Q: Can I pick your brain? A: Well, maybe. // jenniferesnyder.com

Let me explain.

I love (L-O-V-E) to share my process, things I've learned, trends I'm seeing and news I'm reading. However, I've recently come to realize that I can help people—actually help people—by sharing what I know in an intentional, thoughtful, structured way. But like most business owners (and this is a big one), I need to be compensated for the hours of research, preparation and practice that have gotten me to this point. 

I know, I know. Talking about money is tough. Asking for money can be even more difficult. Here's the thing: as creatives who make a living doing what we love/like/are passionate about, we have to remember that we're running a business. What we offer has value attached to it and while not everyone in the world will want what we've got to give, there are people who are willing to support us in exchange for our information/products/expertise/etc. 

This is not a new issue in the world of creative business owners. We often have people making requests for our time or expertise, but it's up to us to create the structures that will allow us to earn a proper living. Recently, I've noticed an uptick in the number of emails, tweets and calls from internet friends, real life friends and colleagues who want to know what I know. I'm no self-proclaimed expert, but they want me to help them do something—understand how to craft better content, shoot the breeze about blogging for business, edit pages of their book or go through the step-by-step process of starting a podcast.

Let's be very clear: I truly believe that these requests are in no way meant to discount the hard work and effort I put into my business. I believe that folks genuinely just want to learn and grow, which is pretty damn awesome if you stop and think about it.

Here's how I'm handling the shift (and what you can do if you're facing a similar challenge):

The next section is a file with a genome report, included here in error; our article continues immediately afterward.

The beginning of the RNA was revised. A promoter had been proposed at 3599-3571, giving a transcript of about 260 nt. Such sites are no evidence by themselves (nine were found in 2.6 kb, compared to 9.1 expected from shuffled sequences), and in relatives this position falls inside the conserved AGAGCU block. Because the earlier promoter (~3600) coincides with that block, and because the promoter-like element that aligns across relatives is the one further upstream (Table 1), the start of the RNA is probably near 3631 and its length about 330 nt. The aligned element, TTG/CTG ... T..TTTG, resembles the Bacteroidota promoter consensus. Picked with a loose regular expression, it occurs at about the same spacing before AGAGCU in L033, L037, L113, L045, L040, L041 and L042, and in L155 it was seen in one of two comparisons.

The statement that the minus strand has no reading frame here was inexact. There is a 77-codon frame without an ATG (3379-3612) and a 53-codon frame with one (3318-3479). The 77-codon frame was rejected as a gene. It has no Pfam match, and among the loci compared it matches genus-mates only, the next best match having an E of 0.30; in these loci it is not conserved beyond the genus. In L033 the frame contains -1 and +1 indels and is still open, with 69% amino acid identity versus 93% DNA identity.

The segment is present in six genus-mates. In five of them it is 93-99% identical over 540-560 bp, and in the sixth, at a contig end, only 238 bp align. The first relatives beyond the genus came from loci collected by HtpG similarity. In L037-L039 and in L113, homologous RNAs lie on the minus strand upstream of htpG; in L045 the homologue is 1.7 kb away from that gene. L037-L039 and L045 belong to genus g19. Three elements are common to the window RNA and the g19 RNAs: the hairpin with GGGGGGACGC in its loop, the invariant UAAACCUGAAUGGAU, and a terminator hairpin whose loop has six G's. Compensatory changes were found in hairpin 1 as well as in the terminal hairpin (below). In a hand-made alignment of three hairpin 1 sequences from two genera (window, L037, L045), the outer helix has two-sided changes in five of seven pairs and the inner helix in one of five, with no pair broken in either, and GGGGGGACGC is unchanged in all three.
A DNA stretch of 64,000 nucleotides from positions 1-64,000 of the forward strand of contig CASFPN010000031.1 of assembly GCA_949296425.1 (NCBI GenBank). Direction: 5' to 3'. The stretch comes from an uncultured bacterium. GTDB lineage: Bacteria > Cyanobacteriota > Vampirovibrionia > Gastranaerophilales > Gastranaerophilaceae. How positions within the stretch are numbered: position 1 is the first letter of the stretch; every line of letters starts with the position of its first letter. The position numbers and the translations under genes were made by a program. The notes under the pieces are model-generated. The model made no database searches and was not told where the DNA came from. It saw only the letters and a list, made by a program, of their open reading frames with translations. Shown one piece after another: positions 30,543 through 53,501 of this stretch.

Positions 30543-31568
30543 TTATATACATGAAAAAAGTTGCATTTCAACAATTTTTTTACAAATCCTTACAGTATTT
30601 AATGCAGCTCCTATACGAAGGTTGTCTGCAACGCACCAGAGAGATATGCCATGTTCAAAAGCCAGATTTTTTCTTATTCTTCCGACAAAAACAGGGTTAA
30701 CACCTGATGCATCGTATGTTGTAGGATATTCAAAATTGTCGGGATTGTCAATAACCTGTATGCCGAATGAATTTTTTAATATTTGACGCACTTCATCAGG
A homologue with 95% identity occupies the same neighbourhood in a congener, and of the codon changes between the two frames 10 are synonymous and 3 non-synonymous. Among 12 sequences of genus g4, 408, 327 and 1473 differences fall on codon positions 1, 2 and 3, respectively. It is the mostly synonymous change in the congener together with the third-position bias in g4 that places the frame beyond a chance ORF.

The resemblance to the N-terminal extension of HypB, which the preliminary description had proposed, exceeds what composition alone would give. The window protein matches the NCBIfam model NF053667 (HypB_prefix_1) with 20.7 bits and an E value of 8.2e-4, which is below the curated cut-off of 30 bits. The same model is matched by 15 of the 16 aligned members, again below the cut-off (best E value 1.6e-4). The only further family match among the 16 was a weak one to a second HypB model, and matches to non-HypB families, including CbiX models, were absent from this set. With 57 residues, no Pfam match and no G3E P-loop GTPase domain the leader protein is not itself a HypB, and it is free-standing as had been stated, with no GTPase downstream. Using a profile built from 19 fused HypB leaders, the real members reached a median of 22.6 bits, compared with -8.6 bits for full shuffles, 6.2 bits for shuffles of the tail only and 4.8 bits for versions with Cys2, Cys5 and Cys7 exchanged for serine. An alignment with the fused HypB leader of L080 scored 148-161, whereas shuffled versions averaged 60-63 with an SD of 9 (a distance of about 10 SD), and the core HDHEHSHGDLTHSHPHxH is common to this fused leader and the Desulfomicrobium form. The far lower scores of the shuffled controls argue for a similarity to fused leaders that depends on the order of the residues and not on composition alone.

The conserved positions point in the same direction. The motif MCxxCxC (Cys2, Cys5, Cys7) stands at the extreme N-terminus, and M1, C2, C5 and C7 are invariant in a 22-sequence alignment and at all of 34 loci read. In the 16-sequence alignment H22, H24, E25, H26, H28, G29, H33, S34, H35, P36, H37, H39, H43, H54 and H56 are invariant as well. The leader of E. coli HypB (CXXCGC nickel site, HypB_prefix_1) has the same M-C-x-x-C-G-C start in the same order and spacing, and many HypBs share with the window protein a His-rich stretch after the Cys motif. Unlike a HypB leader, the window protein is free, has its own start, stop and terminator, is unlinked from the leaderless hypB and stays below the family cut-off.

Providing Helpful Free Content
What?! I thought the goal was to get paid for your time! I know it might seem counterintuitive, but creating useful and inspiring content free of charge is super important. As I mentioned above, I love sharing what I know and there are folks out there who would much rather scour the internet for small bits of information at a time than sign up for a comprehensive course. I still want to serve and help those people if I can! So, I've created a free newsletter that I use as a digest full of useful tips, inspiring interviews and fun finds. I also produce my weekly podcast, which will always be free to listeners, and provide helpful content on my blog, FAQ page and elsewhere on the internet.

Creating Courses
Just like there are people who prefer to piece together insights and learn on their own, there are others who want a more structured learning environment. For those folks, I've started developing online courses around the questions I get most often. I get a lot of questions about my writing process and since journaling is the basic foundation, I knew I wanted to launch Prompt Club this year. On the business side of things, there seems to be a lot of mystery behind public relations and outreach to both traditional and new media outlets. Since I have a background in marketing and PR and have recently created a few new media outlets, developing Perfecting Your Pitch (registration opening soon!) was a must.

Settinging Up Office Hours
Sometimes people really just need someone to bounce ideas off of on a regular basis. I know I do! When I started getting repeat requests for coffee meetings and "pick your brain" emails, I knew I needed to offer some sort of service to help people in a more focused way. I don't know about you, but my conversations over coffee tend to meander. One minute we'll be chatting about the weather and the next we'll be elbow deep in business strategy. Setting up structured office hours offers people a way to get your full attention on a specific topic (or set of topics).

Offering Consulting Services
Consulting can sometimes carry a negative connotation, however, I realized that if I'm willing to hire out my weaknesses, others probably are as well. We can't all be experts at everything. Yet when you own a small business, it can feel as though you have to go it alone. We don't need to be our own accountants, HR departments, marketing teams, etc. Sometimes it's simply better and more effective to hire experts!

So tell me, friends: how do you handle requests for your time/skills/expertise? Do you have systems in place? Let's talk about it.